Prevent Tennis Elbow

Tennis elbow affects thousands of players every year. Some treat it with physical therapy or acupuncture. Here are other strategies to reduce your risk and return to action on your own.

Your Racquet

Many pros recommend that you spend the extra money to string your racquet with gut, which is softer and more forgiving than some of the synthetics. Just as with the wrong strings, a racquet that is too long,  too rigid, too light, has the wrong grip size (generally too small) or is strung too tightly will increase the vibrations that travel up through the hand and arm putting a player at greater risk of injury.

Your Stroke

Poor stroke mechanics are another big reason that recreational tennis players suffer from tennis elbow. This is particularly true for those who have a wristy backhand or who maintain a rigid forearm and don’t follow-through properly on their backhands. Hitting the ball in the sweet spot of the racquet is also a key to minimizing the vibrations that otherwise place excessive stress on the muscles and tendons. Taking some lessons to perfect your form can go a long way toward helping to prevent unnecessary demands on your body.

Wear a Brace

It is also generally helpful to wear a brace designed to lessen the stress to the involved tissues with routine activity. Some advocate forearm straps while other suggest wearing a wrist splint to actually prevent the offending motion. Many physical therapists recommend the Aircast Armband, to allow for greater function and return to play. Of course, it is important to minimize the ongoing stress to the area by limiting or refraining from problematic activities while rehabilitating.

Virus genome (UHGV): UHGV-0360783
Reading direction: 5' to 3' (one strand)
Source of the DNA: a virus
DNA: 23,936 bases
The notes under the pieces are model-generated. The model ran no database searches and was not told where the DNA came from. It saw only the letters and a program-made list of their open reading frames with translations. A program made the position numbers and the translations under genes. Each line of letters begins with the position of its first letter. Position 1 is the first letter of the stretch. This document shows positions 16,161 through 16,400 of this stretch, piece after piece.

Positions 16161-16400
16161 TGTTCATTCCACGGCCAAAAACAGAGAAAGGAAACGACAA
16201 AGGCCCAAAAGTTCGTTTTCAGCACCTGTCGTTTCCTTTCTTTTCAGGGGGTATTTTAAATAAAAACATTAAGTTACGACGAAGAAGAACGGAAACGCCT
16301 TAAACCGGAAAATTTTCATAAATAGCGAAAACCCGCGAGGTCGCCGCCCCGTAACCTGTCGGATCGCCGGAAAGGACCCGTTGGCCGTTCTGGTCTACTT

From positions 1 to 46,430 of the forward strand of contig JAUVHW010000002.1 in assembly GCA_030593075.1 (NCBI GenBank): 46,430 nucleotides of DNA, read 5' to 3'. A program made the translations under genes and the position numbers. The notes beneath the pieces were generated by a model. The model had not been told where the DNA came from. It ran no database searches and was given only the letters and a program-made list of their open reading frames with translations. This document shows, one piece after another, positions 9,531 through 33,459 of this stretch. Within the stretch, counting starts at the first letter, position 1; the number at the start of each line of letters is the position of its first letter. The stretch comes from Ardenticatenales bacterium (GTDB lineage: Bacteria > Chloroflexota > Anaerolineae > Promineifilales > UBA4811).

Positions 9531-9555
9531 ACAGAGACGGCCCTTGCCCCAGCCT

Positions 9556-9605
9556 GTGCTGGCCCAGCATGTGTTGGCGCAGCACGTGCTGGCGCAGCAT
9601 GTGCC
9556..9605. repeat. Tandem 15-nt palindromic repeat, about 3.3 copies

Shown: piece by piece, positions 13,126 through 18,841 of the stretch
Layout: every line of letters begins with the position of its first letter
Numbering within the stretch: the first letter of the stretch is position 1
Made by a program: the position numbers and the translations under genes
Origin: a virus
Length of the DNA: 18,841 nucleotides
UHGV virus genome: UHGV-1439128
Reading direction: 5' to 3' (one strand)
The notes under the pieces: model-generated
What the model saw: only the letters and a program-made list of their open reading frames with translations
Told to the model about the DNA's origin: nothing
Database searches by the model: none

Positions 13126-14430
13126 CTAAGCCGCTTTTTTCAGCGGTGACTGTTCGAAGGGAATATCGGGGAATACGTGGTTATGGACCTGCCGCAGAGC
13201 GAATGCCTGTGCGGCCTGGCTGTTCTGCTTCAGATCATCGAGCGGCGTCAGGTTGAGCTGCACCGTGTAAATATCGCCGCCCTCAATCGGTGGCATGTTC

Stretch before you begin playing a game or even practice. Research studies have shown that cold muscles are more prone to injury. Warm up with jumping jacks, stationary cycling, running or walking in place for 3 to 5 minutes. Then slowly and gently stretch, holding each stretch for 30 seconds. Additionally, you ought to stretch after you’ve completed playing as well. This will permit you to keep the muscles surrounding the tendon as supple as possible. A short time of stretching can go a great distance towards keeping you in excellent condition and injury free. For Tennis Elbow, the focus is on strengthening the wrist extensors and forearm supinators (which turn the palm upward).

Wrist Flexion Stretch

  • Hold your injured arm out straight, palm down.
  • Use your other hand to hold the back of your injured arm’s hand.
  • Press down so your fingers point to the ground.
  • You should feel a light stretch on the top of your forearm. Do not stretch to the point of pain.

Wrist Extension Stretch

  • Hold you injured arm out straight, palm up.
  • Use your other hand to hold the palm of your hand and press down.
  • You should feel a light stretch on the top of your forearm. Do not stretch to the point of pain.

Massage Stick

  • Use the massage stick to gently work the muscles on the top of your forearm.
  • Concentrate on working any tender areas.



Wear tennis shoes with good support to prevent ankle injuries. For added support, wear two pairs of socks or specially padded tennis socks.  Check out our Getting a Good Tennis Sneaker post that will tell you the brands of tennis sneakers to look for.

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Author: erinpruitt

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